Nancy Melchert - Conversations with Artists
What is the art of what you do?
The art of what I do in the big scale of life is getting to the truth and cutting through the bullshit, but keeping it light. Even in the art of writing, it's about getting to the truth. I manage the Upright Citizen's Brigade theaters and it's just about cutting through the BS. What are we trying to do today? If we are trying to put up a show that's great. What do we need to do that? For me, it's about getting right to it and getting things done efficiently. Bare bones -- and that all comes from getting to the truth of things.
Is the truth funny?
Yes. There's the old saying - comedy is tragedy plus timing. Even at first when the truth is not funny sometimes the initial shock of it makes it funny because you've got this brand new information and you have to figure out how to process it. Often your initial way to process a bad situation is by laughing because if you don't laugh you feel as if it is going to crush you. There are times when you can't laugh at all and then ten years later when you've lived with something long enough you can finally go, 'yeah, it is funny that the series of events happened the way it did and changed my life in ways I could have never imagined. I had a plan, this thing happened that I thought was tragic and then ten years later I'm on a brand new path and oh gosh isn't that funny?' It might not be laugh-out-loud funny every time, but just funny enough to make you smile. Often I go between thinking: 'oh if I had done this instead of that everything would have been better' but at the same time I don't want to have regrets, I want to move forward. I think we as humans often think about the decisions we make and wonder if opposite decisions would have been better. What decisions am I making that are the truly important ones that actually change the outcome of my life? Versus what decisions have no bearing whatsoever on where I am, so why am I obsessing? It's the series of events in life that are funny. The path you just got off, can be hilarious when you think 'oh my gosh what if I had continued in that way and it was a disaster?' Then there's the point of view of 'oh I am taking on some huge new project that 5 years ago I wouldn't have thought I could accomplish' and there's humor in that. There's humor in the broad sense of being scared on a day to day basis. It can be funny because you're going into something surprising. That's also where you get humor from. The surprise. Subverting your expectations - that's how you get the laugh. To talk about it in improv form, it's how you get the laugh and why patterns work. You do a thing. Ok, the audience knows what it is. You do a thing again, oh ok, haha. You do a thing a third time but you do it differently to subvert expectations and that's how you get the laugh. It can expand to your life and your journey too. Turn everything on it's head. Now that's funny.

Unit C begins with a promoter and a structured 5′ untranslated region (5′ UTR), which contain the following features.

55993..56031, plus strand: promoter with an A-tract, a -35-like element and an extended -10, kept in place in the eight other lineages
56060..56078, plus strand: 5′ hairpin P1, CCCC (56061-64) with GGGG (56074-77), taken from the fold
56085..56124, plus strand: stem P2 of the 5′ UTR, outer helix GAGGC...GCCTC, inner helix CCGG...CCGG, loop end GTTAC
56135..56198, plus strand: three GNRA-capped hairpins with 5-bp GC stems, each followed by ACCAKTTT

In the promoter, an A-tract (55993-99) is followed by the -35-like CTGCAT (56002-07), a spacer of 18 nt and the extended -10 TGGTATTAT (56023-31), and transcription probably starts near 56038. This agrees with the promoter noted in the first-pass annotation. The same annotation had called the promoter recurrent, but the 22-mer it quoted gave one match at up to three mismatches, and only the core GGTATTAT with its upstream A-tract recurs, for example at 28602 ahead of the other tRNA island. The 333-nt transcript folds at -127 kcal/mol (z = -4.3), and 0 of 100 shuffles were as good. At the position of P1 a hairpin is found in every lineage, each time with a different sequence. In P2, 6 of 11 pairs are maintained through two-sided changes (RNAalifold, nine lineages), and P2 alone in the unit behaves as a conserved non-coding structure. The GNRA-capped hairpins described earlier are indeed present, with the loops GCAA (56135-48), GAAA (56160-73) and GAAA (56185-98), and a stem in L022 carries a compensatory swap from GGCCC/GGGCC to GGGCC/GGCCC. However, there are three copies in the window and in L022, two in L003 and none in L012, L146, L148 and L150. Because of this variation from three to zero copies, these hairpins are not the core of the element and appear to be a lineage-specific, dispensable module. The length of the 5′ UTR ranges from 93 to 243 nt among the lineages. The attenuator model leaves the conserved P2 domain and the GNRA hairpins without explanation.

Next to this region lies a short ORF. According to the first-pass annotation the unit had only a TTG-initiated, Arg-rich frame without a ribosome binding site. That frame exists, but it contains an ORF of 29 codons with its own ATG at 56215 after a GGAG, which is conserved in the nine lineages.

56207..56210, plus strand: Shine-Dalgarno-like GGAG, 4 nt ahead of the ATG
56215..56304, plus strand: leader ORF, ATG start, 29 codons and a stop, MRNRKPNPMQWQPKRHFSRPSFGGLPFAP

Do you try to change your patterns in life to make life funnier for you?
When I notice a rut, yes. I try to take time every once in a while to see how things are going. I check in with myself to see if I'm liking what's happening. If I am, great, then I'm going to continue to do those things. But if I don't ... I was a barista for many years. One day I realized how much I disliked it. It was great when I started but then it wasn't fun anymore. It wasn't funny. It became tragic that a nuclear-qualified aerospace engineer was making coffee - I was like, I guess it's funny, it's definitely funny and if I was watching this I would think it was hilarious. Experiencing it, not as funny - let's change it up so I can then go back and watch it to see how funny it was when it was in the past. Change patterns and find a new path, do something else.
You've mentioned so many things you've done. What are they?
My bachelor's degree is in aerospace engineering, I did that. Then I was in the Navy for 5 years. Went to nuclear power school in the Navy to become a nuclear-qualified propulsion plant watch officer. I was stationed on two ships while in the Navy. The latter was the Theodore Roosevelt nuclear-powered aircraft carrier. Then I was injured, hurt pretty badly, so I left the navy and went to Boston University for my masters in film production. After that, I went to Washington DC to work as a government contractor/consultant on Navy contracts. All that time is when I started getting into theater and improv and sketch comedy and really fell in love with that as both the art itself and as a philosophy of life. And so I came to NY to pursue comedy and writing. I make videos in my spare time and work at the UCB and help manage the theaters Even through all this I'm still going after the whole science angle and I'm applying to go back to school to get a Ph.D. in astrophysics. I dabble in it a little bit.
How does one dabble in astrophysics?
It's self-propelled science. I took some online classes and go to the museum a lot. I go to the lectures - Columbia has a great outreach program. Sounds like I'm plugging Columbia's outreach program - maybe I am. They do a thing once or twice a month - they let the public come into a lecture. I've just been gathering everything that I can to put together an application package in the hopes that 10 to 15 years from now I'll have a science/entertainment empire.
What does that look like?
It goes back to what I was saying before about elevating art and science to a level where they're talked about as they deserve to be talked about and in concert with each other. Inspiring people to both go into STEM careers but also encouraging art and using them at the same time too.... so that they're part of everyone's vernacular. So that all of society isn't afraid of science or afraid of art. Specifically, I want to go after convincing young people to pursue STEM careers and I want to use art to inspire them to do that.
What is a STEM Career?
STEM is Science, Technology, Engineering, and Math. It's an acronym that they throw around because it's hard to say Science Technology Engineering and Math over and over.
What can we do to help society recognize that Science and Art and Music and the things that build your imagination are astoundingly important?